Every day, I receive offers that just sound too good to be true. In the past, these offers came through the mail or by telephone. Now the con artists and swindlers have found a new avenue to pitch their frauds — the Internet.
The on-line scams know no national borders or boundaries; they respect no investigative jurisdictions. But, as with all scammers, they have one objective — to separate you from your money!
I have been a victim. I ordered a cosmetic after reading a bogus “testimonial” from someone from Hamilton, Mississippi.
“How could she lie”? I thought. She didn’t, only because she didn’t exist. That’s apparently a common way to get your attention – have someone who lives near you offer glowing testimonials.
I got stung for $78 (it was supposed to cost $5). That doesn’t sound like much, but I’ve spoken to friends who’ve had similar experiences much more costly.
The “product” was for a tooth whitener which came in a big hypodermic needle. It was filled with a clear serum swimming with glitter. Yes, glitter. Like I would ever use such a product. My teeth would probably fall out.
I keep that needle on my desk to remind me never to be such a sap!
An interesting point about fraud is that it is a crime in which you decide on whether to participate. Hanging up the phone or not responding to shady mailings or emails makes it difficult for the scammer to commit fraud. But con artists are very persuasive, using all types of excuses, explanations, and offers to lead you — and your money — away from common sense.
You can now go to <lookstoogoodtobetrue.com> to get more information or register complains.
This website was developed to arm you with information so you don’t fall victim to these Internet scam artists. Education, good judgment, and a healthy dose of skepticism are the best defenses against becoming a victim. Remember, if it looks too good to be true, it probably is!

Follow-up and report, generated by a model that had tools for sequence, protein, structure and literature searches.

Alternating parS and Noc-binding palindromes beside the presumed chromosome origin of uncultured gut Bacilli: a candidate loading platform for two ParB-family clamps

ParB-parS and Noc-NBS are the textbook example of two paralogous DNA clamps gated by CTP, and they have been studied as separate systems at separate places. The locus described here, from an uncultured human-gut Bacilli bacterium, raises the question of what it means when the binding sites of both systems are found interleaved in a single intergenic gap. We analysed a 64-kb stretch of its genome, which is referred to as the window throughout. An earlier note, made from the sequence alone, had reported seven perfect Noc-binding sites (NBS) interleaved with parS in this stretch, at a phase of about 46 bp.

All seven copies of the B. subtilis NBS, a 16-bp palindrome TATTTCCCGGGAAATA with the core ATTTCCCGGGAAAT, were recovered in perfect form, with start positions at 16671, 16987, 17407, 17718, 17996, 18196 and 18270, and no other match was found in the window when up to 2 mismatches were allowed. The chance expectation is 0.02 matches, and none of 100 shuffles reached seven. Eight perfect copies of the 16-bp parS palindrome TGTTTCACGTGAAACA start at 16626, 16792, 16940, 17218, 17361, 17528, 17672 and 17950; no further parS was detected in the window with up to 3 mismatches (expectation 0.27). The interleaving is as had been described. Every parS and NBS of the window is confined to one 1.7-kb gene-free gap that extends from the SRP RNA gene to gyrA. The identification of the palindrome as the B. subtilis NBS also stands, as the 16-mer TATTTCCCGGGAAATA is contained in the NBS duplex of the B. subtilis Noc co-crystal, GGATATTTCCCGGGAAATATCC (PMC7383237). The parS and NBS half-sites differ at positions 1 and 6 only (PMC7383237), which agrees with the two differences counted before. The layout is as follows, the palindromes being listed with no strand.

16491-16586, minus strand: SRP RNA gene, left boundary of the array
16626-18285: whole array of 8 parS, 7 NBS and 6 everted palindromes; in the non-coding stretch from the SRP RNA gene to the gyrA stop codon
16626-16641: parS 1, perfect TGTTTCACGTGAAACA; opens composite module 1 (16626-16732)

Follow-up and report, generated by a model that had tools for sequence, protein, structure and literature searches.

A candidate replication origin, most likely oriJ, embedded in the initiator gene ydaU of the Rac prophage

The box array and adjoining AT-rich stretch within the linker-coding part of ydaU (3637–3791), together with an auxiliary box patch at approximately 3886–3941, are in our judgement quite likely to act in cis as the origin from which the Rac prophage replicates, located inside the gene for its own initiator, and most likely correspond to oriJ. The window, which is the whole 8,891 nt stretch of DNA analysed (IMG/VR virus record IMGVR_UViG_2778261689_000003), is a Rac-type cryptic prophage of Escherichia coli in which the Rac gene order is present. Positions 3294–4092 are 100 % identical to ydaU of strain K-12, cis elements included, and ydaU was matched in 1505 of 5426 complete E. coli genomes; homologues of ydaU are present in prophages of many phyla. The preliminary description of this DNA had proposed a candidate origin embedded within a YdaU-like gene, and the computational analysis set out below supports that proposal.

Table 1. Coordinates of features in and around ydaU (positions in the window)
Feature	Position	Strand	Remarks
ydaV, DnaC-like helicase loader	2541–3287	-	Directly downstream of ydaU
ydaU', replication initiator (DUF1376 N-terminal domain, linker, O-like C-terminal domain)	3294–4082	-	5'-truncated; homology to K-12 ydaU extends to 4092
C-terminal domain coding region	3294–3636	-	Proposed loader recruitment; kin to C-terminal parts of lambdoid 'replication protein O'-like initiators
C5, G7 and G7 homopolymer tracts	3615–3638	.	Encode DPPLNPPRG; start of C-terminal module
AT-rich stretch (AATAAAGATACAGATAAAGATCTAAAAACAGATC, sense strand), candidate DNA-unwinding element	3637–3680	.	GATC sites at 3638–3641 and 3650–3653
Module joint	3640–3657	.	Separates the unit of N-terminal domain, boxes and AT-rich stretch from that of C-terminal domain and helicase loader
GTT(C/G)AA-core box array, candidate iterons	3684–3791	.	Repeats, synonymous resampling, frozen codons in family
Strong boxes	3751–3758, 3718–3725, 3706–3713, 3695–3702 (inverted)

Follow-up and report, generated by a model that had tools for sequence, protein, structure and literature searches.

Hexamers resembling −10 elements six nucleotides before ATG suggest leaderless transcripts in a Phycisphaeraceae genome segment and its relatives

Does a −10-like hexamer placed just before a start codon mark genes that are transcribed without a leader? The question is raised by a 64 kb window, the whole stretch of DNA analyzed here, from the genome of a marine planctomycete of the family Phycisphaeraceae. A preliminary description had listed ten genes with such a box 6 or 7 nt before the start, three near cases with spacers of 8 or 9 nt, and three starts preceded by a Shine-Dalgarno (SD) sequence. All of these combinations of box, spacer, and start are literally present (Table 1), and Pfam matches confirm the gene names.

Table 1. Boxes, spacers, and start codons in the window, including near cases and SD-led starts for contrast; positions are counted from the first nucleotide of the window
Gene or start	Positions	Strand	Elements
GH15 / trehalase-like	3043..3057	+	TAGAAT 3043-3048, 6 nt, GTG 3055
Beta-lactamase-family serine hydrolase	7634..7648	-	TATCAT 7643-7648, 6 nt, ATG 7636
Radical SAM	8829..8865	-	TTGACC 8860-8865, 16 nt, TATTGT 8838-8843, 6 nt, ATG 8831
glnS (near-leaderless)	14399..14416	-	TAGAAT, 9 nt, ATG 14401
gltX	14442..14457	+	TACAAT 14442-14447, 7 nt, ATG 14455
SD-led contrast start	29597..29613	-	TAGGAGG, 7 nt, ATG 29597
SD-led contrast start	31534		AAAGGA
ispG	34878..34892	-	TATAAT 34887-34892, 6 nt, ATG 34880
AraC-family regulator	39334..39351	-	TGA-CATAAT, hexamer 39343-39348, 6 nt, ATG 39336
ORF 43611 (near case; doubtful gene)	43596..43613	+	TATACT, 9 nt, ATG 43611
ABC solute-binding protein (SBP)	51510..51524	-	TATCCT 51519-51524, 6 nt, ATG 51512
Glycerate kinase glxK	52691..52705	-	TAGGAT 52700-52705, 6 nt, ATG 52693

In the meantime here are a few tips:
- Do not respond to unsolicited (SPAM) e-mail.
- Be skeptical of individuals representing themselves as officials soliciting via e-mail for donations.
- Do not click on links contained within an unsolicited e-mail.
- Be cautious of e-mail claiming to contain pictures in attached files, as the files may contain viruses. Only open attachments from known senders.
- To ensure contributions are received and used for intended purposes, make contributions directly to known organizations rather than relying on others to make the donation on your behalf.
- Validate the legitimacy of the organization by directly accessing the recognized charity or aid organization’s website rather than following an alleged link to the site.
- Attempt to verify the legitimacy of the non-profit status of the organization by using various Internet-based resources, which also may assist in confirming the actual existence of the organization.
- Do not provide personal or financial information to anyone who solicits contributions: providing such information may compromise your identity and make you vulnerable to identity theft.